Everyone who is ever so slightly interested in cinema (and even some who aren’t) has heard of Jean-Luc Godard.
It is a name that, when pronounced, either produces great admiration, overt contempt, or just brings to mind the vague idea of a man who made some famous movies a while ago.
I find myself split between these three categories of people, as I respect his contribution to cinema, find him incredibly irritating nonetheless, and overall just don’t care that much about him or his movies.
With Redoubtable, Michel Hazanavicius (The Artist) will bring all of us together – or at least try to. Redoubtable is a comedy about Jean-Luc Godard, his relationship with his second wife Anne Wiazemsky, and most of all his existential and professional doubts during the spring of 1968, a period of demonstrations & general civil unrest in France against the government, capitalism and traditional values.
Based on Anne Wiazemsky’s book Un an après (meaning “A year later”; the book has yet to be translated and published in other countries), Redoubtable is both a homage to Godard’s filmography and a parody deriding him from start to finish, walking a fine line that might work for some and anger others.
It is made clear from the very beginning of the movie that Hazanavicius wants to make a movie that looks like it was made by Godard – or at least uses techniques and recreates scenes used by the famous filmmaker: title cards all with different fonts, discontinuity between sound and images, actors addressing the audience or scenes that are clear echoes of iconic moments from Godard’s most famous movies.
Although the references could be felt by some as too cumbersome, I found them well-utilized, never ridiculed (nor ridiculous) and sometimes essential to the movie. By reusing all these techniques, Hazanavicius makes of Redoubtable a love letter to Godard’s filmography and to the French New Wave.
Redoubtable remains a comedy, though, and that is where Hazanavicius might lose his audience if they are die-hard Godard fans. While some of the comedy is very meta and particularly well-done (with actors addressing the audience to deride their own profession or poke fun at the movie itself or cinema in general), the majority of the comedy is at the expanse of the iconic filmmaker, turned by Hazanavicius into a man too annoying & pretentious to be taken seriously.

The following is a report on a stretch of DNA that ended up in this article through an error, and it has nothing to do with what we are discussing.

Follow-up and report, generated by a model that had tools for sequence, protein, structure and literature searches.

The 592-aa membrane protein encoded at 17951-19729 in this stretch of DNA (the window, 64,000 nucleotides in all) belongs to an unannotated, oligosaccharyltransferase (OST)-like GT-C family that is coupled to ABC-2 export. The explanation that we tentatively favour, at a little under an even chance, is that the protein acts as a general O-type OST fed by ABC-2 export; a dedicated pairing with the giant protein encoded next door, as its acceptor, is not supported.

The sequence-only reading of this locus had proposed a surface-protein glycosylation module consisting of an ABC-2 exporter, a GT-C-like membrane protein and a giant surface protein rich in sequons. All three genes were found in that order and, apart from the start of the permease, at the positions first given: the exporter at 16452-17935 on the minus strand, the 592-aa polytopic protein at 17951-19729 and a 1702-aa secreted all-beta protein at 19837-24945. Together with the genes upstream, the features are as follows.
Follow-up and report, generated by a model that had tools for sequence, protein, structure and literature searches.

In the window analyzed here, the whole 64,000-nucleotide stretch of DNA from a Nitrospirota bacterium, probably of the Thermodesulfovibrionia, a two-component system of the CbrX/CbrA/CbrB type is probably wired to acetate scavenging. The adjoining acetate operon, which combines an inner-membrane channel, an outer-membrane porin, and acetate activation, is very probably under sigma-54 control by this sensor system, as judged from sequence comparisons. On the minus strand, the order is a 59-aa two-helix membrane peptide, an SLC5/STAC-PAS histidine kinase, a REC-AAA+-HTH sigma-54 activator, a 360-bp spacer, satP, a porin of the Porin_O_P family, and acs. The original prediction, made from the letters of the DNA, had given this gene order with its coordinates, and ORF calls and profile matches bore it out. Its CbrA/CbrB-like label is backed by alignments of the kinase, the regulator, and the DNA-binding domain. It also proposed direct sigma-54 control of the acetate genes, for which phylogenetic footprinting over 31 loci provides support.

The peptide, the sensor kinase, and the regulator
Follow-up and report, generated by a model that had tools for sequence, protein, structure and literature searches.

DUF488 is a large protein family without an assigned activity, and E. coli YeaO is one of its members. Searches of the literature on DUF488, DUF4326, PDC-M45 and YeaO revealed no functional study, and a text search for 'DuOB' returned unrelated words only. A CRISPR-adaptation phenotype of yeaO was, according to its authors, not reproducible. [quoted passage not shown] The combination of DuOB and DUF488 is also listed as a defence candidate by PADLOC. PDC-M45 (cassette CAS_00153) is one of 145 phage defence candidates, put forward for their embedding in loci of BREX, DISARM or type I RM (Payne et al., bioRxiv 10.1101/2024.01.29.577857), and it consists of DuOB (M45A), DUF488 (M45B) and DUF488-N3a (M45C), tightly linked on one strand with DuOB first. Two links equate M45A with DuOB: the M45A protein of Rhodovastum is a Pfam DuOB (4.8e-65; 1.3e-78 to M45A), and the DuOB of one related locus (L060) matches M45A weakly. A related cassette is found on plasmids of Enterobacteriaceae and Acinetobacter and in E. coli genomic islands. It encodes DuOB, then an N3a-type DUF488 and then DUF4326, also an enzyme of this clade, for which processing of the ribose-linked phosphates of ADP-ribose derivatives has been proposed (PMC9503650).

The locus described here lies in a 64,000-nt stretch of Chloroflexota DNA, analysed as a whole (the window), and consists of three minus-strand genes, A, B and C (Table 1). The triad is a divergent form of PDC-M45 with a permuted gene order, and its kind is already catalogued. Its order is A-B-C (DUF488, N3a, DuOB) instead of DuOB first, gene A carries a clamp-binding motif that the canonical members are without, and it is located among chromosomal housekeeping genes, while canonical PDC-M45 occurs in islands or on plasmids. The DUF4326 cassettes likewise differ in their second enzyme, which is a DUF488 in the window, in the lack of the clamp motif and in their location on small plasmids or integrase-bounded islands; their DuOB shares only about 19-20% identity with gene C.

Godard’s contribution to cinema is mostly swept under the carpet as the movie focuses on his political beliefs and professional shift after 1968, all of which are turned into a sad joke; no wonder Godard himself said of the movie that it was a “stupid, stupid idea” (a sentence later displayed onto the poster of the film).
The duo of actors, Louis Garrel (The Dreamers, Love Songs) (portraying Jean-Luc Godard) and Stacy Martin (All The Money In The World, High-Rise) (portraying Anna Wiazemsky), are great together and separately, Louis Garrel almost unrecognizable even, both by face and voice.
It is, however, a shame that Stacy Martin isn’t more present in the movie, especially as Redoubtable is based on Wiazemsky’s book. Instead of focusing on her, or at least give her an equal presence to Jean-Luc, she is very often passive and in the background, serving only as our entry into Godard’s life at the time.
In the end, although I don’t think that was the intent of the movie, nor that this will be the case for many of its viewers, I still found myself empathizing with Godard, his doubts & his convictions.
The Godard of Redoubtable, whether close or not to the real one, is a hard man to love but one I couldn’t help but understand and be compassionate towards, at least a little bit. This gives the movie another layer of greatness, and while it may not be the most honest biography, it is at least an interesting take on one.
All in all, the success of this movie comes down to the viewers’ feelings towards Godard, more precisely whether mocking him and presenting him as insufferable will anger or please them. And if you have never watched a single movie by Godard, nor care about him or even know him, the movie will still be a pleasing and fun watch.
From the UK or Europe